6 Boil water in a saucepan on stove. Remove stems from tomatoes, and crisscross the bottoms with a knife. Plunge into boiling water for a minute or two, until skin starts to fall away. Rinse in cold water and remove skin. Cut tomatoes in half lengthwise, remove seeds, chop coarsely, set aside.
7 After the vegetables have been in the oven for an hour, remove from oven, drain vegetables in a colander set over a bowl. Clean browned bits (if any) off bottom of pan with a paper towel. Return any liquid to the pan and reduce to a thick glaze over medium high heat. Keep on adding juices to the pan as they run out of the vegetables into the bowl.
8 When all the juices have been reduced, return vegetables to the heavy pan. At this point the ratatouille should be moist and shiny, with very little liquid. Turn heat off. Add the chopped tomatoes and cover. If serving as a warm side dish, let the ratatouille stand for 10 minutes, just enough to "cook" the tomatoes. The ratatouille can be served at room temperature or refrigerated and reheated the next day.
9 When ready to serve, remove the bay leaf, and season to taste with salt and pepper.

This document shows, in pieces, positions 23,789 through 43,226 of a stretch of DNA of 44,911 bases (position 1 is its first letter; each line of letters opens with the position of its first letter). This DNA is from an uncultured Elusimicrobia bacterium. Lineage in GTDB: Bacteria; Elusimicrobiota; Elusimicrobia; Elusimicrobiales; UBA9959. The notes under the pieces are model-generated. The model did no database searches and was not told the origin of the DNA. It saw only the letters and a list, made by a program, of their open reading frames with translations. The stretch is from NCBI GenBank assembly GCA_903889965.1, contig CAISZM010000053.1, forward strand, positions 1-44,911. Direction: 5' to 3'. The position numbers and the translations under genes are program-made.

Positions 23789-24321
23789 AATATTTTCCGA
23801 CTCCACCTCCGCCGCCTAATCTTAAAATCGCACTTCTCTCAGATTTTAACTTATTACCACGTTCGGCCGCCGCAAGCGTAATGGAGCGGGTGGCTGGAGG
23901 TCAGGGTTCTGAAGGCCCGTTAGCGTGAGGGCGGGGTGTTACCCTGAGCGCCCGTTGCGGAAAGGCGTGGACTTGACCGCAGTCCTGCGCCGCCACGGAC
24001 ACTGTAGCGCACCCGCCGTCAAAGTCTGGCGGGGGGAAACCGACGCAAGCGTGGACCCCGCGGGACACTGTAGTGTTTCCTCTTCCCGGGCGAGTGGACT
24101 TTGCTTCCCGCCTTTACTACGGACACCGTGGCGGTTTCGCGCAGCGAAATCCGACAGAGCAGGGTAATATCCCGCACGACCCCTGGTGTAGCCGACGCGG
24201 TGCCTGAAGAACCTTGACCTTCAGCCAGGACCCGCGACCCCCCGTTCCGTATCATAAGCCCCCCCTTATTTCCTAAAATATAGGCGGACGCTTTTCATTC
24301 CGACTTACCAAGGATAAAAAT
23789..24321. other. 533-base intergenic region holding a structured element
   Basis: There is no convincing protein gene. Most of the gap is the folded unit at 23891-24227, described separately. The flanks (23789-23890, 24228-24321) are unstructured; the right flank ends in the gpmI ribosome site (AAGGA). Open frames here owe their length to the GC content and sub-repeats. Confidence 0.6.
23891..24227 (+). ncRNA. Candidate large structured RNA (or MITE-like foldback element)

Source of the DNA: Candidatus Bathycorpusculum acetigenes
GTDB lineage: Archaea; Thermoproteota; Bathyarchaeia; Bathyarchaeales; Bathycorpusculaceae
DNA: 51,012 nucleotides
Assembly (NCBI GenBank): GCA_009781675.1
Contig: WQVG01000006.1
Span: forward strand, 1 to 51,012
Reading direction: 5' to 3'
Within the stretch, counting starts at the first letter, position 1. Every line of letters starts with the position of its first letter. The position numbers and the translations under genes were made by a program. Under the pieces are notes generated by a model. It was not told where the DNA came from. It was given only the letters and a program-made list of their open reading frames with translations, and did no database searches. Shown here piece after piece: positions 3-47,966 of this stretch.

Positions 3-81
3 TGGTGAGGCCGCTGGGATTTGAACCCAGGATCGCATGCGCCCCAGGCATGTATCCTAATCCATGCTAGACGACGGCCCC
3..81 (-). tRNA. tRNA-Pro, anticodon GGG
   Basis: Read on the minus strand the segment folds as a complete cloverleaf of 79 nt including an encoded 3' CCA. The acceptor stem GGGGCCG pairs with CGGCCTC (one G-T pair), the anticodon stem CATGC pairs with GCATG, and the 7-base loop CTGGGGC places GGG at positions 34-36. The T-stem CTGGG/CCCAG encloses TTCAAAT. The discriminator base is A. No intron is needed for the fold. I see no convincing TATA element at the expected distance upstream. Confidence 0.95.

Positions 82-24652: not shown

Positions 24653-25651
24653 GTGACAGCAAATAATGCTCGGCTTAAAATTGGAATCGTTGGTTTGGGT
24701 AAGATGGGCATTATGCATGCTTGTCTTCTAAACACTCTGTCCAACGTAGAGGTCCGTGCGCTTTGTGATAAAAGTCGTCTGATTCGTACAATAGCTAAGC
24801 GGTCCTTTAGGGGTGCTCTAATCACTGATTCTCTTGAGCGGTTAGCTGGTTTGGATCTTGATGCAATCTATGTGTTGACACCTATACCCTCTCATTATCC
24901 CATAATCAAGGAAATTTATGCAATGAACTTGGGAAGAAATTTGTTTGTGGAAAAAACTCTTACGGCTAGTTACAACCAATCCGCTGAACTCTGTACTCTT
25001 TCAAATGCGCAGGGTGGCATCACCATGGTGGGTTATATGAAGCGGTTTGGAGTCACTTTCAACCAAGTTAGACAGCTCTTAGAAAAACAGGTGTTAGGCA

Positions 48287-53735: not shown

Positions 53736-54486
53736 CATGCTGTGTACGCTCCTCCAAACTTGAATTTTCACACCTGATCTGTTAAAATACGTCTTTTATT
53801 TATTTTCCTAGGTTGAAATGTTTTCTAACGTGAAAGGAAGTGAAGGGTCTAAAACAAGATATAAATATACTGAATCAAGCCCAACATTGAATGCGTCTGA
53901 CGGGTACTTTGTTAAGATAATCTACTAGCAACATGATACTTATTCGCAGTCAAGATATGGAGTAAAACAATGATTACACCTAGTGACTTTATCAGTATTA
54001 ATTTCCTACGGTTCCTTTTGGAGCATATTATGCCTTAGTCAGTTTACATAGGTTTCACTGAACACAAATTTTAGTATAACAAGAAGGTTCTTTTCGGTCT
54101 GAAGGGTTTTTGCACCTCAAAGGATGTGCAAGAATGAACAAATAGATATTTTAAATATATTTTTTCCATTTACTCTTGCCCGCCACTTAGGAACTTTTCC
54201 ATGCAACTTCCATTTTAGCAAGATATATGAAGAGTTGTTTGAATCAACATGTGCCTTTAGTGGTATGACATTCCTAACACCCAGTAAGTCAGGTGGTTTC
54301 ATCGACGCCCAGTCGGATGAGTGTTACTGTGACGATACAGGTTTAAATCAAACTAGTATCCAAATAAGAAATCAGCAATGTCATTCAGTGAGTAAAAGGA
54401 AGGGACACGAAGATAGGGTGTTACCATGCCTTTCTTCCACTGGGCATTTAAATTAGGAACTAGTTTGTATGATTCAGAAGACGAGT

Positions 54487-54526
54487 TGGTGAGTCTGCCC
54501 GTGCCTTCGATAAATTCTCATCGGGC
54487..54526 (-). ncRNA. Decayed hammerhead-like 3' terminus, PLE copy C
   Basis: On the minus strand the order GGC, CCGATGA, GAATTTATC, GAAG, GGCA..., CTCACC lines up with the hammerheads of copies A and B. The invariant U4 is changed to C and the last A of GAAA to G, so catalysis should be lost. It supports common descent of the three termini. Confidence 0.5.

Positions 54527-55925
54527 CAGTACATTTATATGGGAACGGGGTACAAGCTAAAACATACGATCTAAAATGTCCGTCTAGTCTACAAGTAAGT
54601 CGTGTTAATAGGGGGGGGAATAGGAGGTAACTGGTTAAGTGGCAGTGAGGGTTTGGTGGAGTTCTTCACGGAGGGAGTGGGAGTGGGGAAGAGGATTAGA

Field Report
The past month saw us dry out a fair amount.  We got a bit of rain here and there to keep it from getting serious, but we wouldn't say no to a gentle rain about now.  Temperatures have been much cooler than usual for most of the month of August.  So, things that like cooler weather have been happy.  Warmer weather things - not so much.  But, we've had plenty of sunshine, so that offsets the negative impact of cooler weather somewhat.  
Zinnias, winter squash and borage.
The winter squash crop continues to look good, even if it seemed to start slowly for us this year.  We got the field weeded/cultivated in a timely fashion, so this may be the best this field has looked in years.  We've had lots and lots of squash flowers out there, but it has yet to be seen if we have the pollinators to lead to a nice big crop.  We remain hopeful, as always and things are looking decent so far.

We're starting to gear up for the tater digging sessions.  We never know for sure what the crop will give us until we dig it, but we can take some guesses based on the health of the plants.  Some varieties are going to be pretty sad.  Others should be fine.  We planted twelve beds of taters this year.  Tammy and I agree that if we can get a good, solid harvest from five of them, we'll be just fine.  It's not what we were hoping for, but it's what we need to be reasonably successful for the season.